350 ROUTE 32 HOLDING, LLC v. SOMEPLACE ELSE CAFE, No. 14869 (Feb. 21, 2006)


2006 Ct. Sup. 3306
No. 14869Connecticut Superior Court Judicial District of New London Geographic Area 21 at Norwich, Housing Session
February 21, 2006

[EDITOR’S NOTE: This case is unpublished as indicated by the issuing court.]


On or about December 8, 2004, the plaintiff, 350 Route 32 Holding, LLC purchased the premises known as 350 Route 32, thereby inheriting a number of tenants. At the time of the purchase, a bar establishment occupied a portion of the premises (approximately 3,000 square feet). The identities of the principals of this business were unknown to the plaintiffs at that time, but the signatories on the lease were “Gina Priest and Craig Macdonald.” The rent for this space was consistently in arrears and on November 30, 2005, the plaintiff caused a notice to quit to be served on Gina Priest and Craig Macdonald, and others, to vacate the premises on December 15, 2005. Having failed to do so, the plaintiff instituted a summary process action on or about December 21, 2005, returnable to this court on January 12, 2006.

Upon further investigation with the Liquor Control Commission, the plaintiff learned that the bar occupying the premises was known as the Plan B Café, and that other backers and permittees were involved. A subsequent notice to quit dated December 28, 2005 was served on December 31, 2005 to bring those parties, including the new establishment, Plan B Café, and Gina L. Macdonald (f/k/a Gina Priest) before the court. An Amended Summons and Complaint was filed with a return date of January 30, 2006. Thereafter the defendant Gina Priest (a/k/a Gina Macdonald) and the Plan B Café have moved to dismiss this case. For the reason that follows, the defendants’ motion is granted.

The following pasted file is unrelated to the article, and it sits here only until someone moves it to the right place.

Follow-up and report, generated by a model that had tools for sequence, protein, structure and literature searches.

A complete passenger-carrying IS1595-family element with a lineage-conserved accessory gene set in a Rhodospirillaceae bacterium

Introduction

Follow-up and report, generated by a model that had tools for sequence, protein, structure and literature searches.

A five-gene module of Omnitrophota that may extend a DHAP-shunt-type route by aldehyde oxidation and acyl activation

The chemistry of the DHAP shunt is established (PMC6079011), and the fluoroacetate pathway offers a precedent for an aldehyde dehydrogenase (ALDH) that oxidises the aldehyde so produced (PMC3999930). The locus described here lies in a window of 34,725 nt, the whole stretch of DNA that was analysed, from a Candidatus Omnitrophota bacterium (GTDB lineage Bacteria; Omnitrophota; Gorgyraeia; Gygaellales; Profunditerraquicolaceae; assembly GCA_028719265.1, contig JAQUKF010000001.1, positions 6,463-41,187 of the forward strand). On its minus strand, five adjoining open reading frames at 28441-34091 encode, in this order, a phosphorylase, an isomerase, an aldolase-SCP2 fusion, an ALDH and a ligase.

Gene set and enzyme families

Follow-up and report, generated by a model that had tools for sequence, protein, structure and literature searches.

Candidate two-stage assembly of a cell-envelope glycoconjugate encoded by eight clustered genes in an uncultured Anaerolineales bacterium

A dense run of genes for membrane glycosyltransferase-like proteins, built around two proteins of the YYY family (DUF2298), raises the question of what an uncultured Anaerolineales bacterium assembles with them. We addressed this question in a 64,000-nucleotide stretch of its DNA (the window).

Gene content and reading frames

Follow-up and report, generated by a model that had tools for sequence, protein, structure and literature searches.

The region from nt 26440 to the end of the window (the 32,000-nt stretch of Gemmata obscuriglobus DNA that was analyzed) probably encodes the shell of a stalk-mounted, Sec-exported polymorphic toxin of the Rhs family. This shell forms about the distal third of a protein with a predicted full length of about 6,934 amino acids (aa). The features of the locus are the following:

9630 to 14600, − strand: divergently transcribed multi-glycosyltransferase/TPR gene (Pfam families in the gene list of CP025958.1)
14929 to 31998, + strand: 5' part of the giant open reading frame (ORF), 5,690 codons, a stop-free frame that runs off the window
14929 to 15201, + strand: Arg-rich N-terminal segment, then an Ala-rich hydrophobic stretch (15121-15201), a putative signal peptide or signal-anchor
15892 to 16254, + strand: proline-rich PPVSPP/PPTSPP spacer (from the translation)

It is undisputed that the issuance of a notice to quit itself is an unequivocal act terminating a lease agreement with the tenant. O’Brien Properties, Inc. v. Rodriguez, 215 Conn., 367, CT Page 3307 372 (1990). The issuance of a proper notice to quit, addressed to the tenants is a condition precedent to a summary process action and proper notice is a jurisdictional necessity. Lampasona v. Jacobs, 209 Conn. 724, 729 cert denied 492 U.S. 919 (1989); see also HUD/Willow Street Apartments v. Gonzales, 68 Conn.App. 638, 654 (2002). Here, it is not disputed that all occupants were not named in the notice to quit. This is not a particularly onerous burden on the plaintiff since an alias may be used which reasonably characterizes the person or entity sought to be served § 47a-23(b). It is also admitted that the plaintiff, upon inquiry, learned from the Liquor Control Commission, and probably could have learned from a physical inspection of the premises, the actual name of the entity occupying the building. This should have been achieved before the notice to quit was served and before any action was commenced in the Superior Court.

While the defendant has advanced other reasons; scrivener’s error and equivocation, as reasons for dismissing the case, those defenses were unnecessary and without merit. Failing to serve a proper notice to quit is a condition precedent to the commencement of the action. Failure to do so is fatal. The case is dismissed. CT Page 3308